The changing library: what clinicians need to know

mtsinai.gif  This article adapted from grand rounds presented by faculty from the Mt. Sinai Medical Center and published in the October 2006 issue of the Mount Sinai Journal of Medicine provides a nice overview of the services currently offered by medical libraries. The authors discuss the following myths, issues I deal with every working day:

Myth #1: Everything is online
Myth #2: Everything online is free
Myth #3: MEDLINE is difficult to use
Myth #4: Google can replace MEDLINE databases
Myth #5: Textbooks are out of date before they are published


Beam PS, Schimming LM,
Krissoff AB, Morgan LK. The changing library: what clinicians need to know. Mt Sinai J Med 2006; 73(6):857-863.  PubMed Related Articles 

Abstract: Over the last two decades, changes in technology have allowed academic medical center libraries to bring the world of biomedical information to the physician’s computer desktop. Because digital libraries have grown so rapidly and in so many ways, some clinicians may be uncertain about the services and resources that are available to them. This article explains how clinical faculty can best utilize their library to support their research and patient care. It addresses some of the most common myths about the “new” medical library, and it highlights innovations in library resources and services that can help physicians to better access, use and manage medical information.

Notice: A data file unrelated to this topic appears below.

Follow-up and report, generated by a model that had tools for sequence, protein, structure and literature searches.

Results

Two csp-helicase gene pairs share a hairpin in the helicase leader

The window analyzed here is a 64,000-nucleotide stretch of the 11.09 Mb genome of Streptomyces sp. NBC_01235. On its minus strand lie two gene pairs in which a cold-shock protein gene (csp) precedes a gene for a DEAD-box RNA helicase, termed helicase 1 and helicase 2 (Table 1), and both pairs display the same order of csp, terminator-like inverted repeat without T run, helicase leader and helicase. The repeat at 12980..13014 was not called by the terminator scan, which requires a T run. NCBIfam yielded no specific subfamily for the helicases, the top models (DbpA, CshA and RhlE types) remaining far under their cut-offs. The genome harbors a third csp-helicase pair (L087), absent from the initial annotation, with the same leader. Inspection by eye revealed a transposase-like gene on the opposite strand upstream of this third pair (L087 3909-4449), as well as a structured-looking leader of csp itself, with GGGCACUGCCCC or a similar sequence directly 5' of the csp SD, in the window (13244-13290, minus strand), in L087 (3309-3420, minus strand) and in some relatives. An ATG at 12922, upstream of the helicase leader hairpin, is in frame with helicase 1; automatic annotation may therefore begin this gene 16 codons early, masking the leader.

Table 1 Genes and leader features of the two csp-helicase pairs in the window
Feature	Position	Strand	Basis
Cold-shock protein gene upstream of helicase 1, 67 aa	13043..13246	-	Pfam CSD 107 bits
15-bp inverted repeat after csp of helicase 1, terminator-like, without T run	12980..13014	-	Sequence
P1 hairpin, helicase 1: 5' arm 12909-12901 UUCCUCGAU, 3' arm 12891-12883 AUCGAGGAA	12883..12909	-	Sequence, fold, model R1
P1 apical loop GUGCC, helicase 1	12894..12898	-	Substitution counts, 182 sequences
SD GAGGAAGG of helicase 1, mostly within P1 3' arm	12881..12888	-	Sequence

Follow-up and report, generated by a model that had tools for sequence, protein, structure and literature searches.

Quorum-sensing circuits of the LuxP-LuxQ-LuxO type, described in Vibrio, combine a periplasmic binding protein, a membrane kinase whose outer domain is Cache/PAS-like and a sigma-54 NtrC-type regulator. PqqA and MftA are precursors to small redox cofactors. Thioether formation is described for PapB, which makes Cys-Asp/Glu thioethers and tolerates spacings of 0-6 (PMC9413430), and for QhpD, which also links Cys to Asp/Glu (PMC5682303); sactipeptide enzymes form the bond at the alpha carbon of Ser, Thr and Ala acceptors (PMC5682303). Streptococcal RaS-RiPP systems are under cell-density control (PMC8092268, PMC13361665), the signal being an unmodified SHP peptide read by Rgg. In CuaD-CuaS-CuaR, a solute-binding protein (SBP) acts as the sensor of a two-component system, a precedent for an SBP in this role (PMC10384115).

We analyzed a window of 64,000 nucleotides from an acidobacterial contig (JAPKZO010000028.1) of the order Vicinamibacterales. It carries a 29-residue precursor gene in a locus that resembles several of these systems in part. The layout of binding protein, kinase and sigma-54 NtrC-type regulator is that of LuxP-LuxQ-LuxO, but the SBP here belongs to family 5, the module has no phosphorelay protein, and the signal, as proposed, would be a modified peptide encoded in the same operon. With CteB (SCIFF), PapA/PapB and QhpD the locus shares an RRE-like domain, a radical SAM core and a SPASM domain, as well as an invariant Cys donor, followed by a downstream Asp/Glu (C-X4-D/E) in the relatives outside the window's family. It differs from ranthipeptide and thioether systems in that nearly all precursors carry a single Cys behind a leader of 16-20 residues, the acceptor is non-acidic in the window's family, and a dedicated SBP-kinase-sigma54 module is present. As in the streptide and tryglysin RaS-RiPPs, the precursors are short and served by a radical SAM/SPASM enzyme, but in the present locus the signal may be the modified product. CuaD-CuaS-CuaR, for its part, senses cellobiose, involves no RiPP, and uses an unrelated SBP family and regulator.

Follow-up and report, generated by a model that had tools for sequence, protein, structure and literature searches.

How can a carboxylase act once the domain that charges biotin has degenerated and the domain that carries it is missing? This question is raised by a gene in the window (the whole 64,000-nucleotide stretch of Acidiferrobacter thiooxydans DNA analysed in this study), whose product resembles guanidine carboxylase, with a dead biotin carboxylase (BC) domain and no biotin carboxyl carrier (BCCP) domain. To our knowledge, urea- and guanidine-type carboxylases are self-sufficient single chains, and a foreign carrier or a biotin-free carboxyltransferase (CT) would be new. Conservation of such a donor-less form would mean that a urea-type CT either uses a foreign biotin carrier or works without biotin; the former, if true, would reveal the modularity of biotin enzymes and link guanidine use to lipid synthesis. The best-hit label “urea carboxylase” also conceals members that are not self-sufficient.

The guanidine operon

Here is an abbreviated version of the authors’ Top ten tips for getting the most from your medical library (see p. 862 for the full version):
1. You don’t need to visit your library to use your library.
2. Most recent biomedical journal articles are available online; most older articles are available in print only.
3. Databases such as PubMed are getting “smarter” and easier to use.
4. To find current, accurate information about the latest research and best practices, check resources that cover peer-reviewed journals (e.g., Medline/PubMed) or that provide regularly updated, peer reviewed, evidence-based summaries.
5. Online resources such as MD Consult are streamlining your ability to keep up with changes in your field—and with what your patients are reading.
6. Full-text linking is now available from many library databases.
7. Faculty can now enter requests for books or articles not held at their local library through online interlibrary loan services.
8. Bibliographic management programs, available through many academic libraries, can help to organize the references for your publications.
9. Your library’s homepage is a gateway to your library’s services as well as its resources.
10. Ask a librarian—in person, by phone, by e-mail, or by an online chat service—to show you the
quickest, easiest ways to get the best information.

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